As mentioned, propelling this Hiace is a 3.0-liter diesel, the same engine found on the previous Fortuner. It delivers 134hp and 280Nm of torque, or 34hp and 20Nm more than the 2.5-liter. Ferdinand was right in saying there’s more pull from the powerplant. Not that you’d want to haul ass with your family on board, but the higher numbers are welcome.
The Hiace may be big, but at least Toyota has managed to make it feel more car-like through the years. The raked windshield and the thin A-pillars contribute to that. The tight turning radius, meanwhile, provides for easy maneuvering. But before heading into multilevel or basement parking facilities, you have to be mindful of the van’s height. You’ll need at least 2.1m of vertical clearance or you’ll end up scraping the roof.
We went to the Makati Shangri-La Hotel for my parents’ anniversary celebration, and their basement parking clearance is only 1.8m. I had to back up and park in the nearby steel carpark. The Super Grandia doesn’t have a backing-up camera and only comes with sonar sensors. But it’s easy to judge where the corners are because you’re basically maneuvering a box.
With space for the entire family, this van is where you can catch up with each other and share moments while traveling. “For all the mobility in comfort and luxury, it’s more than a van,” my mom points out. “It holds our excitement, togetherness, fun and laughter as it moves us smoothly to our desired destinations.”
And not only is it spacious, it’s also a comfortable transporter. My wife, who gives me feedback on test units from a passenger’s point of view, sums up the Hiace’s ride nicely: “You don’t always expect the most comfortable ride when you think of vans. The Hiace, though, gives you comfort as close to what you can get if you were in a sedan.”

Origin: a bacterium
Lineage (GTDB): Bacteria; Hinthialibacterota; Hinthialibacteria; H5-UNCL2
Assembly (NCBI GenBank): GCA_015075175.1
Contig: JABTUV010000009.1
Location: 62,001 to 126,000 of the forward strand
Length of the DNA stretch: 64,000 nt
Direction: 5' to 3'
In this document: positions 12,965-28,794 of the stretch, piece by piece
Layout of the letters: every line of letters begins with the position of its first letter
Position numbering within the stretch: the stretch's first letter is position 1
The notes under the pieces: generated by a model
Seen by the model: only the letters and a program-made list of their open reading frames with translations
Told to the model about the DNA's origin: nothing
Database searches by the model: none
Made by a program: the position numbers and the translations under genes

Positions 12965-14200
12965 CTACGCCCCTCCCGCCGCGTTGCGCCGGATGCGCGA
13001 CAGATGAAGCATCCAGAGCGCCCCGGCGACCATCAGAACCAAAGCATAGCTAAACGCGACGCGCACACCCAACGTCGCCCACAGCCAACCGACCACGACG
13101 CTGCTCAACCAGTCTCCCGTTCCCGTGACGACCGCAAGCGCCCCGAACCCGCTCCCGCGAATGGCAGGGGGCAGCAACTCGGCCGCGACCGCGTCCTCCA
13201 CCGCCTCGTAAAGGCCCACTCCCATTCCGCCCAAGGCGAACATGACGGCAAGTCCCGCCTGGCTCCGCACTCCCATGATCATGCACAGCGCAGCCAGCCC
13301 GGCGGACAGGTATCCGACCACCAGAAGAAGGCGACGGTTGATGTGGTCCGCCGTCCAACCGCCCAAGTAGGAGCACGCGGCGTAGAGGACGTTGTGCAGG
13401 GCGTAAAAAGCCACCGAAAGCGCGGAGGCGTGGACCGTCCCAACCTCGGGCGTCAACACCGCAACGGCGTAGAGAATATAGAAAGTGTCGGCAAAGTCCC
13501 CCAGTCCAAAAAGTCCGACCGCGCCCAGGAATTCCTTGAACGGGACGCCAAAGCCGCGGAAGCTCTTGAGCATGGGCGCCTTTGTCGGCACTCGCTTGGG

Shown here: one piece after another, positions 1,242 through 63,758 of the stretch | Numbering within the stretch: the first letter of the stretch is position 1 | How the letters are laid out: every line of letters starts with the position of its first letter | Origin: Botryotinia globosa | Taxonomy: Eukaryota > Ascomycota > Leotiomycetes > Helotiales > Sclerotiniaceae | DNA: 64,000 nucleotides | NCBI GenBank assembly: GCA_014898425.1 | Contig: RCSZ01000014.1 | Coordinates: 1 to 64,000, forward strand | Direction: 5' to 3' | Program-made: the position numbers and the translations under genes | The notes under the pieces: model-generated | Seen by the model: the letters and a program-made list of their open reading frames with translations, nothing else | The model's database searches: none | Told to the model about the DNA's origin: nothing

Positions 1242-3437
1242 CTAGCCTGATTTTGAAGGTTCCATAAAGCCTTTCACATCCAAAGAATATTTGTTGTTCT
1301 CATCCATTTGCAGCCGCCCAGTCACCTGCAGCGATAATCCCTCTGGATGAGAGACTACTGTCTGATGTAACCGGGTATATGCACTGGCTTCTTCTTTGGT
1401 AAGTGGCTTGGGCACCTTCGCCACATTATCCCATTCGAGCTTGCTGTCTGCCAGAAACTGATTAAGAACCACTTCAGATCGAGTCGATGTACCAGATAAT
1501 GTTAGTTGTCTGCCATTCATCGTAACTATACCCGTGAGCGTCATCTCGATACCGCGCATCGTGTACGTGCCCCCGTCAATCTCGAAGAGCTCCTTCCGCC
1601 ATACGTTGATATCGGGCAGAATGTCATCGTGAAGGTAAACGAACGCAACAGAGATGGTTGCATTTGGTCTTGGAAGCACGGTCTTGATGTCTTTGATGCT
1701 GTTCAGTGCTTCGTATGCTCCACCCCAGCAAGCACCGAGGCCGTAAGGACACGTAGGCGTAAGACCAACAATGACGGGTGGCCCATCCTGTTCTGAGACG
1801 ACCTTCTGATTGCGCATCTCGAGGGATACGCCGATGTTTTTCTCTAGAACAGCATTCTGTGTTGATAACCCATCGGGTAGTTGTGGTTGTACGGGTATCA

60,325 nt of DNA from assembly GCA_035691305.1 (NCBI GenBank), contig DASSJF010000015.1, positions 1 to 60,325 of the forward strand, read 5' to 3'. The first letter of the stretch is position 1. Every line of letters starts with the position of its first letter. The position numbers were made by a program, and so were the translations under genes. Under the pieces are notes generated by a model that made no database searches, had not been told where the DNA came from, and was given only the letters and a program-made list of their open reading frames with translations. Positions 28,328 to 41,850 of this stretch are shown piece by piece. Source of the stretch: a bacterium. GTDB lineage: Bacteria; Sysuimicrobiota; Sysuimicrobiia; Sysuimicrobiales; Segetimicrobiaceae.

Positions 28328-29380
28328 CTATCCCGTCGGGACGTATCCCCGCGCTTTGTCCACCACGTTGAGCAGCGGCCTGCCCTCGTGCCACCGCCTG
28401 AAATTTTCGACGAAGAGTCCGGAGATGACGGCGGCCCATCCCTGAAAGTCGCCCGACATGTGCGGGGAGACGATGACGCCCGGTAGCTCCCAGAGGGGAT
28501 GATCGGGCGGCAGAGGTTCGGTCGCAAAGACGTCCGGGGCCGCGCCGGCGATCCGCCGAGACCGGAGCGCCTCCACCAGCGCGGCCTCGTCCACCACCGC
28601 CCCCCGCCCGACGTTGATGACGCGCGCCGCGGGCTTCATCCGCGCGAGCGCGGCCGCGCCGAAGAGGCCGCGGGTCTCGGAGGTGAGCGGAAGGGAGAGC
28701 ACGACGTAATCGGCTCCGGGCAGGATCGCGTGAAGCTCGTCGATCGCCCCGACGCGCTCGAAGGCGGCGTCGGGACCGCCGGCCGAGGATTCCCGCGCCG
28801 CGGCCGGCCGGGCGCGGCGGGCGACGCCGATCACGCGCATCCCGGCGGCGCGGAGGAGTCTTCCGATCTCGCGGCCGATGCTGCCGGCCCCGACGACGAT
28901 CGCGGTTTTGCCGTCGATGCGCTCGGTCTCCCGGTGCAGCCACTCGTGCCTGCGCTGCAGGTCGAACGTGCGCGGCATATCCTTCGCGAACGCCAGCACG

In a span of three weeks, I racked a little over 1,300km, doing errands and driving my family to various destinations—having lunch and dinner at different restaurants, taking my nephew and nieces to the mall, and driving to Quezon for some rest and relaxation. The Hiace returned about 13km/L on the highway (it’s not the most aerodynamic thing, but the updated powertrain helps) and 8km/L around town.
Toyota marries function and comfort with the Hiace. No wonder you see so much of these vans around, what with its merits as well as the reliability that the Toyota badge offers. In its segment, the Hiace Super Grandia still sits on top.
SPECS: Toyota Hiace Super Grandia 3.0
Engine: 3.0-liter turbodiesel I4
Power: 134hp @ 3,400rpm
Torque: 300Nm @ 1,200-2,400rpm
Transmission: 4-speed automatic
UPDATE as of May 8, 2018: We wrote about Toyota Motor Philippines' updated price list in response to the Tax Reform for Acceleration and Inclusion Act (TRAIN), as posted online by one of its dealers. The Japanese carmaker updated its website to make those prices officially official. If you want to see the new price list again, click here. Now, given the tricky nature of vehicle pricing, not all of Toyota's prices increased by the same margins. In fact, some of models even became cheaper. If you've been wondering how much you'll need to pay this year for a new Toyota, we'll keep you posted.